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The return of the sun does not only show that things are back to normal but also the attitudes of both Calixta and Alcee. The husband and the son returns and she is happy to see them. The writer wants to signify that adultery does not always have negative consequences. This is because as Alcee leaves the house, they are described as having smiles on their faces. Therefore, Chopin has used "The Storm" to put across feelings without necessarily describing the emotions.

The Story of an Hour is another impressive literary work of Kate Chopin that touches a reader's feelings. It's a story that spins around the life of Mrs. Louise Mallard whose wrinkles portrayed oppression as well as strength. It carries a lot of deep meaning though a reader only understands it at the end of the story. Mrs. Mallard is badly affected by a heart trouble which makes her sister Josephine and her husband's friend Richard to bring the news of her husband news "as gentle as possible" (Chopin 788). They believe that the news may make her more ill. The reader also expects her to be upset by the news, "she wept at once, with sudden, will abandonment" (Chopin 788). This was just her first reaction when she had not comprehended how the news could change her life.

Later, she goes to her room and "there stood, facing the open window, a comfortable, roomy armchair. Into this she sank" (Chopin 788). We realize that the death of her husband has a positive impact in her mind where the chair signifies comfort and the open window signifies a connection to the outside world or rather to life. Chopin stress this point when writes that she could see the tops of the trees that were all aquiver with the new spring of life (788). In addition, Chopin uses the words "patches of blue sky showing here and there through the clouds..." (789) to symbolize Mrs. Milliard's excitement to have a bright future.

Nonetheless, we see her afraid to gain freedom where "she was striving to beat it back with her will" (Chopin 789). We realize that she is dependent on the societal rules since she cannot appropriately determine her perception of freedom. She also admits "...that she would weep again when she saw the kind, tender hands folded in death" (789). This is exactly what the society expects of her. The writer finally shows the reason Mrs. Milliard feels this way about the death of the husband when she writes about "...that blind persistence with which men and women believe they have a right to impose a private will upon a fellow-creature" (Chopin 789). This shows that her husband could not allow her to have her own judgment or will. This is the reason she was happy to be free. The society then could only accept widows but not a divorced woman and this is main reason she was happy to have freedom. "Free! Body and soul free!" (Chopin 789). Mrs. Milliard comes out of the room as a "goddess of victory" (Chopin 790).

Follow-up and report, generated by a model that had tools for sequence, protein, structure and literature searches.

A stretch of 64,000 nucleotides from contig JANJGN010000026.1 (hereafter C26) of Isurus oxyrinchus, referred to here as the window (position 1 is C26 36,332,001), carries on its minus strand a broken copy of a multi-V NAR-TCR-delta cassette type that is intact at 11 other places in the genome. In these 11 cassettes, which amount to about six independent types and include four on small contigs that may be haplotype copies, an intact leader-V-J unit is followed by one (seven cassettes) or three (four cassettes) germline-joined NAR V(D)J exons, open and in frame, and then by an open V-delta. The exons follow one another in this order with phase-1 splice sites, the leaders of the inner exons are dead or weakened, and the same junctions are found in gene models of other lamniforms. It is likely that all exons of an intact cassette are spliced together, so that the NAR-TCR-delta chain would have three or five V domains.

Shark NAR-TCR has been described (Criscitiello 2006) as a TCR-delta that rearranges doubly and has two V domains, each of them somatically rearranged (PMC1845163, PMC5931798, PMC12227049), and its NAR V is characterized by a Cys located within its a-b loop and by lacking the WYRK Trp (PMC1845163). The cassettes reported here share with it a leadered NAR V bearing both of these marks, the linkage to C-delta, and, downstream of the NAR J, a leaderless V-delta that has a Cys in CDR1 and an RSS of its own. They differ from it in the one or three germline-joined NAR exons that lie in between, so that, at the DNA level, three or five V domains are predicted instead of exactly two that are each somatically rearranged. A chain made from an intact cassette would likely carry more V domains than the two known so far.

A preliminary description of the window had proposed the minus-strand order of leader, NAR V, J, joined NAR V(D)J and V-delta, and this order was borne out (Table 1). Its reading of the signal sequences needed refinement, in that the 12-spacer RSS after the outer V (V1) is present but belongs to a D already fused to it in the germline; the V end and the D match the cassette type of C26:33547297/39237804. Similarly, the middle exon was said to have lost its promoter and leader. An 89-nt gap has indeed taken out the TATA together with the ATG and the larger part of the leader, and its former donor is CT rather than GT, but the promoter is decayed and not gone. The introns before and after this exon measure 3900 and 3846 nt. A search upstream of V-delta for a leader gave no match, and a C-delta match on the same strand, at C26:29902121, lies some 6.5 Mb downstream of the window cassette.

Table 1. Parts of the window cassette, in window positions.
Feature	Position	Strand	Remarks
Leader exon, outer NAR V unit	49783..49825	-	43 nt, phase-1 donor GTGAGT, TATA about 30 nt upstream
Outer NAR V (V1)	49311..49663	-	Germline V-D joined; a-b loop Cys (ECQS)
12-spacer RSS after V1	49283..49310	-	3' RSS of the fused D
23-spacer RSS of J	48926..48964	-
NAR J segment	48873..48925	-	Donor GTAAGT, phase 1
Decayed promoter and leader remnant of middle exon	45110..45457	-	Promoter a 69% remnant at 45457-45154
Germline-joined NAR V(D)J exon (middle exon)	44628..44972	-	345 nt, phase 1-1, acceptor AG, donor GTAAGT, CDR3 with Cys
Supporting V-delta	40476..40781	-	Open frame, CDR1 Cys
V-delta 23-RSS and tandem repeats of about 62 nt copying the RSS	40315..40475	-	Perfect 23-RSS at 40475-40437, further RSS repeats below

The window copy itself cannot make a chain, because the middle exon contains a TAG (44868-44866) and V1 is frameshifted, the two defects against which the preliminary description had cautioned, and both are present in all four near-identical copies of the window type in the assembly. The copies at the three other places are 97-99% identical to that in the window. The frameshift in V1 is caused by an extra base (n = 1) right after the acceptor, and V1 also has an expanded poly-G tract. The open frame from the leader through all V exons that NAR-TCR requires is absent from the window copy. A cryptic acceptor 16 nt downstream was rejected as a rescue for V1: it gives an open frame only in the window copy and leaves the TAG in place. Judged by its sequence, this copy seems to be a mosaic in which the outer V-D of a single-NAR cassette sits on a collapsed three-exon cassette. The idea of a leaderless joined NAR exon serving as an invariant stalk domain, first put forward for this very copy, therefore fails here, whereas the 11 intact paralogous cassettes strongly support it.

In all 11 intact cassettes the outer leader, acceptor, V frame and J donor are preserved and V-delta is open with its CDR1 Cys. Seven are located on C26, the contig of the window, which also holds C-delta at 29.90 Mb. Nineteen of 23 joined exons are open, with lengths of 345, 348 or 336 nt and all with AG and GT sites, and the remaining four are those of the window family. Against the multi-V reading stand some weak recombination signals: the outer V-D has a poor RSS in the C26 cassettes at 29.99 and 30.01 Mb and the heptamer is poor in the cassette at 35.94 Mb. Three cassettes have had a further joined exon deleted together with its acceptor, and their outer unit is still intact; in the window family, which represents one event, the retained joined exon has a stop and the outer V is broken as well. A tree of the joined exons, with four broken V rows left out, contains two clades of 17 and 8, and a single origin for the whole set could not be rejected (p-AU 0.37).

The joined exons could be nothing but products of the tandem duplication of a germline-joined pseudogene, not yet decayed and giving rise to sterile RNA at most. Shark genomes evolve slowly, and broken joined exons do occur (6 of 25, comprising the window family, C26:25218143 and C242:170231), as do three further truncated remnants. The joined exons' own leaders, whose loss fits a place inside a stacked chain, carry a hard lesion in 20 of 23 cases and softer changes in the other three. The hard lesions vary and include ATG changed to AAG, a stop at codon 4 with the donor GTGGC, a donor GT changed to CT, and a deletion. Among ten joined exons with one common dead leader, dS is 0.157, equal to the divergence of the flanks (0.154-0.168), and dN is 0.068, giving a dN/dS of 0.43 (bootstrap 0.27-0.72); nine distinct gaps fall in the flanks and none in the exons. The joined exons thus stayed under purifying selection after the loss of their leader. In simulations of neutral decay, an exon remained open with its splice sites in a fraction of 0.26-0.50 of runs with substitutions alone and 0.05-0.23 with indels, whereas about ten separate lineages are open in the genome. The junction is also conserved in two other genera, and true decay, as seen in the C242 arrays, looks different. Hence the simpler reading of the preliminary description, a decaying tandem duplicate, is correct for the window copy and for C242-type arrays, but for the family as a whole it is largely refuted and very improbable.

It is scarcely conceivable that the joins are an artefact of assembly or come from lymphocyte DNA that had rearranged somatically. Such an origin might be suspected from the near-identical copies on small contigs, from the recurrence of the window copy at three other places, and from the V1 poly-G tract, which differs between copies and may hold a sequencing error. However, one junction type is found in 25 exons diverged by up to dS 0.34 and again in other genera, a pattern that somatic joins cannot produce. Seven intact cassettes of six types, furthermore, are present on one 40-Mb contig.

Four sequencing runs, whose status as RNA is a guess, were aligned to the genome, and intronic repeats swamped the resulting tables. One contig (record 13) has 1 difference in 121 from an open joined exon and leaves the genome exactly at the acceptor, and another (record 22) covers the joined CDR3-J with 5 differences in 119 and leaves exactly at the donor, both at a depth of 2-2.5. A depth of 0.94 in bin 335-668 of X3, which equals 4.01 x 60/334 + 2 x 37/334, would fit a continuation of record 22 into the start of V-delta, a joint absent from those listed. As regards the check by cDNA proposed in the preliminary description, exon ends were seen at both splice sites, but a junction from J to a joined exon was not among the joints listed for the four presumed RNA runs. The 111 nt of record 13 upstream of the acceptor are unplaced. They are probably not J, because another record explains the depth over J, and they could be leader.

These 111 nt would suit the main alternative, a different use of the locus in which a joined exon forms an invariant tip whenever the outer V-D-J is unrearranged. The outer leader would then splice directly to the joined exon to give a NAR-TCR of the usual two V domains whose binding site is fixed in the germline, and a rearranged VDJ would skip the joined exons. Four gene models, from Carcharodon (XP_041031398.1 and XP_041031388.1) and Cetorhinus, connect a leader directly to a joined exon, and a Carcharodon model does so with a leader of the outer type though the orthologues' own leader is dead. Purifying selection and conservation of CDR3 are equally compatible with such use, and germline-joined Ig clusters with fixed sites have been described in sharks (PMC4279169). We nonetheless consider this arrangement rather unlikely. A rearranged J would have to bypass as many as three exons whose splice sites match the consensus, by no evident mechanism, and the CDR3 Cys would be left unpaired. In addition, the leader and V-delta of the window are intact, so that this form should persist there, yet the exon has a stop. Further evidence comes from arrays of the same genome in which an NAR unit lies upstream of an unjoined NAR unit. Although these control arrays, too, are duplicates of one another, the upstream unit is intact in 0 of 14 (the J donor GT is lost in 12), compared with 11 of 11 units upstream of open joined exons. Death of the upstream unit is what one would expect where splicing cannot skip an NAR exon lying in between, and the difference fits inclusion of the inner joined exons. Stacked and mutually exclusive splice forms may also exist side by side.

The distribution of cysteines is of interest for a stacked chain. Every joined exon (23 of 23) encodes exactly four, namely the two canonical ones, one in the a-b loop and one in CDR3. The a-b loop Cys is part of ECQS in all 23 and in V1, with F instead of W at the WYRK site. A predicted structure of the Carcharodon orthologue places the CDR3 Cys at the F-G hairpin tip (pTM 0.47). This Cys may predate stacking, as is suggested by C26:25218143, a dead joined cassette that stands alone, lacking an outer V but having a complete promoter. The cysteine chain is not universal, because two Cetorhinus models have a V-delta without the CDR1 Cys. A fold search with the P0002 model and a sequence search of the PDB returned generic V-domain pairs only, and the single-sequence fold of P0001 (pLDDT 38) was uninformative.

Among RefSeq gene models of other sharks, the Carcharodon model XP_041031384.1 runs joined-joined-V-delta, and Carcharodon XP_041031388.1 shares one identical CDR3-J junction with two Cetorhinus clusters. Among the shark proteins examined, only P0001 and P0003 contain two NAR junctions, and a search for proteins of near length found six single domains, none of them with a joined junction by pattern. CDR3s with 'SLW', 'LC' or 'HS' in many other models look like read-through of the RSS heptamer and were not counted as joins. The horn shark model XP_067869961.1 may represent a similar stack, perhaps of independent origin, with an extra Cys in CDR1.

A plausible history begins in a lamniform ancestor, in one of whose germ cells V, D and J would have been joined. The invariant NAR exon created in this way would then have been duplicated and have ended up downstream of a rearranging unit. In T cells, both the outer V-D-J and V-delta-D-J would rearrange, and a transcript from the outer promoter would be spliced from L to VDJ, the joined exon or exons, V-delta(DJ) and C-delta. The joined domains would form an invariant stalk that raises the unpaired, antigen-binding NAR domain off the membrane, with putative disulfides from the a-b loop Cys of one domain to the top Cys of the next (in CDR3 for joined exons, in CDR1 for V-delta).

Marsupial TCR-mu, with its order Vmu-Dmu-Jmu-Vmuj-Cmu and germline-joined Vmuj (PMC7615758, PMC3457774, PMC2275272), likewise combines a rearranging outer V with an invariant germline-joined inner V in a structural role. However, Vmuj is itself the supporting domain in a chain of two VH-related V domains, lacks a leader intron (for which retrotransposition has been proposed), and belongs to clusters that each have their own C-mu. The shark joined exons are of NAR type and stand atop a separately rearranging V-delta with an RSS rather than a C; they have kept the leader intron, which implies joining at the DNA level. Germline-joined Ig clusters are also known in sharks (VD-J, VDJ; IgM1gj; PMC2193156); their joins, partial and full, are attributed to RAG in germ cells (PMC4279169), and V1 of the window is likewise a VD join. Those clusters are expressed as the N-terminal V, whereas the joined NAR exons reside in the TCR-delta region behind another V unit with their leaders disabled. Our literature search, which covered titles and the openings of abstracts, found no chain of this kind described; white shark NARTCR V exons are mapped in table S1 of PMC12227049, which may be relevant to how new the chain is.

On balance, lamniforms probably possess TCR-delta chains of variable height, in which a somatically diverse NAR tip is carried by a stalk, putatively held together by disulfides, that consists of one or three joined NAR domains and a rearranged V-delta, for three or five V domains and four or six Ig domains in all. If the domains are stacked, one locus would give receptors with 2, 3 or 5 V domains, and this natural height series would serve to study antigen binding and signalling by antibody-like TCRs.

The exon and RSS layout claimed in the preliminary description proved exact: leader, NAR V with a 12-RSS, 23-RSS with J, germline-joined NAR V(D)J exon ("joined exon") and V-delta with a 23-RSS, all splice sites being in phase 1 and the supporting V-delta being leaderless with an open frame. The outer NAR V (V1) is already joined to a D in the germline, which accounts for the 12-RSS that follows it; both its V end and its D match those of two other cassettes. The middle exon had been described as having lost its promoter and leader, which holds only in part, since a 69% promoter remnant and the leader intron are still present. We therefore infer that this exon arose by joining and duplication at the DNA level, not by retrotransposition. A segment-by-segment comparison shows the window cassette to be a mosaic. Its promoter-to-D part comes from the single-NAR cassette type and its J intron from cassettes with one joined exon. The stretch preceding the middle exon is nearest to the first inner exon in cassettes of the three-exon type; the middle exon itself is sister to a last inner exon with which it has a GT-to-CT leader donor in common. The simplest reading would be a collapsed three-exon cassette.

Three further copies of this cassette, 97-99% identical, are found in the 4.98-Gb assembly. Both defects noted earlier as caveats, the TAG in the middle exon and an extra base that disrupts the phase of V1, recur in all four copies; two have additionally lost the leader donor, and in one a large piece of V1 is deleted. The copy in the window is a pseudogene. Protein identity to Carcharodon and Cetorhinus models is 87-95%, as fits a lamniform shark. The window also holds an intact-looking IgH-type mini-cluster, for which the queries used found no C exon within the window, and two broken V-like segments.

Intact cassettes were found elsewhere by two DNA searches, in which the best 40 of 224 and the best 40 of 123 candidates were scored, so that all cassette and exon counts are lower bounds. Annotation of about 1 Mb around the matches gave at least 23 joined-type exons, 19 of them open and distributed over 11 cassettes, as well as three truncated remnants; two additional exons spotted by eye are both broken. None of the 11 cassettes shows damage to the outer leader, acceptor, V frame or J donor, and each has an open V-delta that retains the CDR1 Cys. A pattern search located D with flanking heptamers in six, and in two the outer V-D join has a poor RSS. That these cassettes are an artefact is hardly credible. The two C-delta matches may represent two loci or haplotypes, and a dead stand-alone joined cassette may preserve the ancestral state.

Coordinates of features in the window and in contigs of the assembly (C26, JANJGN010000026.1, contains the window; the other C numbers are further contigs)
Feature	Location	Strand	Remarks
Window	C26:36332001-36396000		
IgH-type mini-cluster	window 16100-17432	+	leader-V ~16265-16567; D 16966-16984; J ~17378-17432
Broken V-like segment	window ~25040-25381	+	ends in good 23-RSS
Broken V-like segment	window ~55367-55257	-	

The twist of events unfolds when her husband opens the front door. Mrs. Milliard dies of "joy that kills" (Chopin 790). This is quit ironical because the doctors think that she died from happiness of seeing her husband again. The truth is that she chooses to die rather than again be bound to her husband's will more so after experiencing an hour of freedom. This was the only real hour in her life that made her feel free and happy on the armchair in front of the open window. Therefore, in the two stories, the writer has successfully used feeling to persuade the reader's inner emotion to understand her characters and how they take life in general. Additionally, the stories are molded in the same way; an opportunity and a return to normalcy.